Given is a directed graph $G = (V, E)$ with positive edge weights $w:E \to \mathbb{R}^+$.

The graph represents roads in Brooklyn, and the weight on each edge indicates the length of the road in miles. A prize is placed in node $t \in V$. Given is a set of nodes $A \subseteq V$, and a function $s:A \to \mathbb{R}^+$.

In each $v \in A$ there is a player. In the beginning of the game, all the players depart simultaneously and proceed towards the prize.

Every player proceeds in a shortest path from its origin node to $t$. The player that departs from node $v$ proceeds at a constant speed $s(v)$, i.e., for every $e \in E$, it takes this player $\frac{w(e)}{s(v)}$ time-units to cross road $e$.

Suggest an efficient algorithm that returns the winner(s).

My attempt:


  1. Run Dijkstra on some node $v \in A$, and initiate an array of size $|A|$ (for each player).
  2. For each $v \in A$, iterate through a shortest path from $v$ to $t$, and in each iteration add $\frac{w(e)}{s(v)}$ to the sum of this specific node in the array.
  3. Return the minimum of the array.

I think this can be improved, for example replace the array with other data structure which will make the last step more efficient, but I do not know how.

I will appreciate any help!



1 Answer 1


Instead of running Dijkstra's algorithm for some $v \in A$, how about we run Dijkstra's Algorithm for all $v \in A$?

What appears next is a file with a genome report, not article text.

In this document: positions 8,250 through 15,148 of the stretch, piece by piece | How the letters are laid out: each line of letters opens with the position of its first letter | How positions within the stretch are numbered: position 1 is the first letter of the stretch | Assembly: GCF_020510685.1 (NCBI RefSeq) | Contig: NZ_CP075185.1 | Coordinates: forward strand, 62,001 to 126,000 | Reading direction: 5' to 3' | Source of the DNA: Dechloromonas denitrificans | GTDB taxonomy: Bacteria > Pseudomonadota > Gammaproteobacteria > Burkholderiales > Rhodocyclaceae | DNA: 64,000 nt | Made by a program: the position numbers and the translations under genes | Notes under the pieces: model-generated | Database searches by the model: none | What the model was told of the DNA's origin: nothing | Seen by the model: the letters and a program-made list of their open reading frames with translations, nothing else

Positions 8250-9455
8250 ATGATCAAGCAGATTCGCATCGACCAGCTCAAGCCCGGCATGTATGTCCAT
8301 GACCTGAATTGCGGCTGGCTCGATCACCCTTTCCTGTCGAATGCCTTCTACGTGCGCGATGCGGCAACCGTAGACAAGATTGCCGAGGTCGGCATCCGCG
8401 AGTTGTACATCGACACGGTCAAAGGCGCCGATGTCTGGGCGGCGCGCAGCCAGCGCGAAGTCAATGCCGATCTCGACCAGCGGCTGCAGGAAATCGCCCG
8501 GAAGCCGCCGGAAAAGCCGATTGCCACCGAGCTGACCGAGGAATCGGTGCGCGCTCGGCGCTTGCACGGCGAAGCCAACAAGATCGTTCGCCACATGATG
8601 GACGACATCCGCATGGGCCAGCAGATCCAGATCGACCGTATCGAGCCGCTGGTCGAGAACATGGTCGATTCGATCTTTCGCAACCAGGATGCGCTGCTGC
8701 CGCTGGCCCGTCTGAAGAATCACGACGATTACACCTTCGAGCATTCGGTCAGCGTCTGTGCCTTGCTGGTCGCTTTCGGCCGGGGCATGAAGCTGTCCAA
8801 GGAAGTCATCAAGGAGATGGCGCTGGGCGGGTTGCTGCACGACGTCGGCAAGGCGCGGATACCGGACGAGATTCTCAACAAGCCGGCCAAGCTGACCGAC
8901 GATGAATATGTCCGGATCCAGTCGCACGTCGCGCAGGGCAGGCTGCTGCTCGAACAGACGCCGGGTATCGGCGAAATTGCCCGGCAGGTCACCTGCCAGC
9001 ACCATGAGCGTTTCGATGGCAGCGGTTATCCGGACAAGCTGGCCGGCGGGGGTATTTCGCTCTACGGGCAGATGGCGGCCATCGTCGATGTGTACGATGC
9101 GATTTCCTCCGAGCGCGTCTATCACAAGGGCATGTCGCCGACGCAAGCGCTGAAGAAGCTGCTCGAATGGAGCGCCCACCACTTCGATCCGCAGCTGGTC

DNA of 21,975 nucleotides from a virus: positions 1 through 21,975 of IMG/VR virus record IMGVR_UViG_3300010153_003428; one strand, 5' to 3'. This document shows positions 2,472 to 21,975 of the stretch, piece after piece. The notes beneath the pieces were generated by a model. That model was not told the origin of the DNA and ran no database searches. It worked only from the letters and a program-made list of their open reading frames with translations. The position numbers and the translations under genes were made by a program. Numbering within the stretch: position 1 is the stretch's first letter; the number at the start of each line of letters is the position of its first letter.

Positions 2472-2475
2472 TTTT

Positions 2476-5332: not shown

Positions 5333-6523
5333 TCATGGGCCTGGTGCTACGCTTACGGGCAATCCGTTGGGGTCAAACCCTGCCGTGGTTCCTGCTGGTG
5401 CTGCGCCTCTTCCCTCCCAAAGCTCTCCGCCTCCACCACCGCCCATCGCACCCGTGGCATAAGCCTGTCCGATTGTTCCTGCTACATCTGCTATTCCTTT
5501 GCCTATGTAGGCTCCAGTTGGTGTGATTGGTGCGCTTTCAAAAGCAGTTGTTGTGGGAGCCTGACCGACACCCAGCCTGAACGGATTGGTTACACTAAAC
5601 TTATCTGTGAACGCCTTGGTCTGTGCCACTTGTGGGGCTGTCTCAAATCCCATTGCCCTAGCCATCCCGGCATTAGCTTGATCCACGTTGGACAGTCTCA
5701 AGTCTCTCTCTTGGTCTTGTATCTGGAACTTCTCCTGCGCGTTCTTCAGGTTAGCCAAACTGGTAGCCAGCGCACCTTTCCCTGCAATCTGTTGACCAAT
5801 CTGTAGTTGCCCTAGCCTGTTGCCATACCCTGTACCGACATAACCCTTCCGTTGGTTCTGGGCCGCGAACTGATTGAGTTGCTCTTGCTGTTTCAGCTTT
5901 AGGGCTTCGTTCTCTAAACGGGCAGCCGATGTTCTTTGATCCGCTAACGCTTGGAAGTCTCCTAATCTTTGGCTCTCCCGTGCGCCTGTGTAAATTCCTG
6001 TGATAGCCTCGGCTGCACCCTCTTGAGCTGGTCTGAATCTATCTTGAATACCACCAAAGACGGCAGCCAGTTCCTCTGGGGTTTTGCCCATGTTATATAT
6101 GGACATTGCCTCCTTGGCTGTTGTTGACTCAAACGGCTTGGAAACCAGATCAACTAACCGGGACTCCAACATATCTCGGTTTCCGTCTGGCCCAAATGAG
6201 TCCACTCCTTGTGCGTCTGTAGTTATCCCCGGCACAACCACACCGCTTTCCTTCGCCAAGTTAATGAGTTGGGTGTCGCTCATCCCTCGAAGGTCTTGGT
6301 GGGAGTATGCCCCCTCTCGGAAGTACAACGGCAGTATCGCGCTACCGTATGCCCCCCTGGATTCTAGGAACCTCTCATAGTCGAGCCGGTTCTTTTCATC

The result is, $\forall v \in A$, we have the shortest distance (minimum weight) from node $v$ to node $t$.

We store in an array, the minimum distance of each player, divided by that player's speed. In other words, we store the time taken to reach the prize. Then we just find the minimum in that array.

However, I think you understand the previous paragraph. What you missed is that Dijkstra's algorithm already gives us the minimum distance (minimum weight) path from $v$ to $t$. In your step 2, I'm not sure what you are trying to do with the extra iterations.

  • $\begingroup$ In case of $A=V$, the running time will be at least $O(n^2)$, which is not good... $\endgroup$
    – Math4Me
    Commented Nov 12, 2021 at 8:59
  • 1
    $\begingroup$ You can reverse the edges of the graph and run Dijkstra from $t$. This will give you a shortest path from $v$ to $t$, for every vertex $v$, in one iteration. $\endgroup$
    – Dániel G.
    Commented Nov 12, 2021 at 16:01
  • $\begingroup$ @DánielG. wow I have never thought of that, nice $\endgroup$ Commented Nov 12, 2021 at 16:12

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